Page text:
Oldest evaporite deposit to date provides unique look into early Earth's atmosphere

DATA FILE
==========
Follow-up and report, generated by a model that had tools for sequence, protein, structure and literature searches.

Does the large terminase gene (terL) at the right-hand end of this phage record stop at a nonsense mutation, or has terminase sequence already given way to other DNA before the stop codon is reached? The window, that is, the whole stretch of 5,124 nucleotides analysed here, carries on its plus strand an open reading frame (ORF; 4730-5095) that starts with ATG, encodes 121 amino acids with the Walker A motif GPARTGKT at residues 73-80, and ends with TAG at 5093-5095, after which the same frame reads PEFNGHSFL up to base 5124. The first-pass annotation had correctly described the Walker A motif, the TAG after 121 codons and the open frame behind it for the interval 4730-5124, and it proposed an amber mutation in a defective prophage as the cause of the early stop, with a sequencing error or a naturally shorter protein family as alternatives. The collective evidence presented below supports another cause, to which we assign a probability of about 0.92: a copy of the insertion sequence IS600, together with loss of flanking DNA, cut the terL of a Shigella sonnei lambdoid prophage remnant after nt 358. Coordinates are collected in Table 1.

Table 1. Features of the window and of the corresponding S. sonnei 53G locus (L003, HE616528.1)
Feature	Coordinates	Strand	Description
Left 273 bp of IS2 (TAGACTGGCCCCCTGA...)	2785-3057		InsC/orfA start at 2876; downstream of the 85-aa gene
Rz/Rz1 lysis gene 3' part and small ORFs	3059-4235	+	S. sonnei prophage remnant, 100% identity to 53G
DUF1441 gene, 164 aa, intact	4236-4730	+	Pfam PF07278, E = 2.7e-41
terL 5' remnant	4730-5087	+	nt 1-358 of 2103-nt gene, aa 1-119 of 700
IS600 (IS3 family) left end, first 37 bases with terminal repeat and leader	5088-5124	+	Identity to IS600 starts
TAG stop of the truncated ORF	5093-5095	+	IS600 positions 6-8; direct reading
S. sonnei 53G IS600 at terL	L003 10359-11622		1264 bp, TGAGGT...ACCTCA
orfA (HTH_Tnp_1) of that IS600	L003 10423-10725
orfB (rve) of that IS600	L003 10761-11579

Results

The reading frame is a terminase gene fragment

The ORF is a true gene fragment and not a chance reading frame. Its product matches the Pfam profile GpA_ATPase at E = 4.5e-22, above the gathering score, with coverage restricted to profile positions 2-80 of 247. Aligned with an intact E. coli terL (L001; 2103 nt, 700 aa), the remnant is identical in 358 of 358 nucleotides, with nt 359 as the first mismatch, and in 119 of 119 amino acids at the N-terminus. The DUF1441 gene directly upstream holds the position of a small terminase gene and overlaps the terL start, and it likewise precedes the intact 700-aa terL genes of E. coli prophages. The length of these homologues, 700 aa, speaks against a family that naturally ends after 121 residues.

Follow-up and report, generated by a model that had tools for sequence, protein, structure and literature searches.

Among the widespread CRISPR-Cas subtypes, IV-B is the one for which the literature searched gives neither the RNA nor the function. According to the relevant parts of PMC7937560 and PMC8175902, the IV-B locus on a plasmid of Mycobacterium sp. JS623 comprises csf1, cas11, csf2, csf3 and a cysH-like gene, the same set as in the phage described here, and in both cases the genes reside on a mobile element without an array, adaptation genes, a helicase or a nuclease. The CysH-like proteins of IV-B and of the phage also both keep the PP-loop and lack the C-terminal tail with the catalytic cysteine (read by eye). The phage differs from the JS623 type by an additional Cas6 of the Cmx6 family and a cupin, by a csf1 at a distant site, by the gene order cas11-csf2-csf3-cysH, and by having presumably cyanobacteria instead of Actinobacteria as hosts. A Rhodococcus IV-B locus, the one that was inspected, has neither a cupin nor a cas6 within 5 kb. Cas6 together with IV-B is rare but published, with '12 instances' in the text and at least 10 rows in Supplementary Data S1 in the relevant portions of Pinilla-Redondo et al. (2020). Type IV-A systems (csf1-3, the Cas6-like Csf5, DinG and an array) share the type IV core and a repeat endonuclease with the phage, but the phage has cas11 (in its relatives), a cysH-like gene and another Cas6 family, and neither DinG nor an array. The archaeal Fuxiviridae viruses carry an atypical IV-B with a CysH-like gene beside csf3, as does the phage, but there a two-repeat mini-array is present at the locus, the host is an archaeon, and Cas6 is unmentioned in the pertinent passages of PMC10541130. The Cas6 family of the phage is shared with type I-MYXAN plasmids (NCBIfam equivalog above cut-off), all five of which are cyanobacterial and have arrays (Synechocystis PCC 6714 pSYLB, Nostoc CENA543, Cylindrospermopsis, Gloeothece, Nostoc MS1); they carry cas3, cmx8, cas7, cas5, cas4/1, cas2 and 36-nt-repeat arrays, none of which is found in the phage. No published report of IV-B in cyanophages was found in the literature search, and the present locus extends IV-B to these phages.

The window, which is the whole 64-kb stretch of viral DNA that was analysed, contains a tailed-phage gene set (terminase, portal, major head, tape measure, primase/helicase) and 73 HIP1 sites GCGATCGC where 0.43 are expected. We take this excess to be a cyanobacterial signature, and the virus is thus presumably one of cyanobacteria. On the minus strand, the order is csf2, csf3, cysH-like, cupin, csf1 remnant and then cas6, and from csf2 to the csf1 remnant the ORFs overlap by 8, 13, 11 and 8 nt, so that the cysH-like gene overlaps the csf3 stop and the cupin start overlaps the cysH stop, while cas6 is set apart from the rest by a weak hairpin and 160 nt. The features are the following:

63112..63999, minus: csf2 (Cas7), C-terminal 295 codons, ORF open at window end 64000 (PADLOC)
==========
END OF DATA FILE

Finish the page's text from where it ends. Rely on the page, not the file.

An analysis of salt mineral sediments, or evaporites, from the oldest deposit of this type discovered to date provides a unique window on the atmospheric conditions of early Earth following the Great Oxidation Event 2.3 billion years ago. These findings also have implications for understanding the interaction between the global cycle of oxygen (O2) and carbon dioxide (CO2) and the climate during this era. Major changes in atmospheric and oceanic chemistry occurred in the Paleoproterozoic Era (2.5 to 1.6 billion years ago) following the Great Oxidation Event, when O2 first began to accumulate in Earth's atmosphere. Increasing oxidation (when oxygen combines with other compounds) dramatically changed the Earth's surface, but few quantitative measures describe this important transition, partly because geochemical data from time periods near the event are scarce. Now, core samples obtained from a two-billion-year-old evaporite deposit discovered at the Onega Basin in Karelia, Russia have extended the record of ancient seawater and surface chemistry in early Earth by almost a billion years. Clara Blättler and colleagues analyzed the cores, finding that two billion years ago, marine sulfate concentrations were around one-third as high as modern measures, providing 20% of the oxidizing capacity (the capacity to provide oxygen in a chemical reaction) of modern oceans. These results indicate large amounts of O2 reacted with sulfur and accumulated in the oceans as sulfates during this critical time of Earth's oxygenation, and further suggest that a sustained increase in net O2 production occurred following the Great Oxidation Event.
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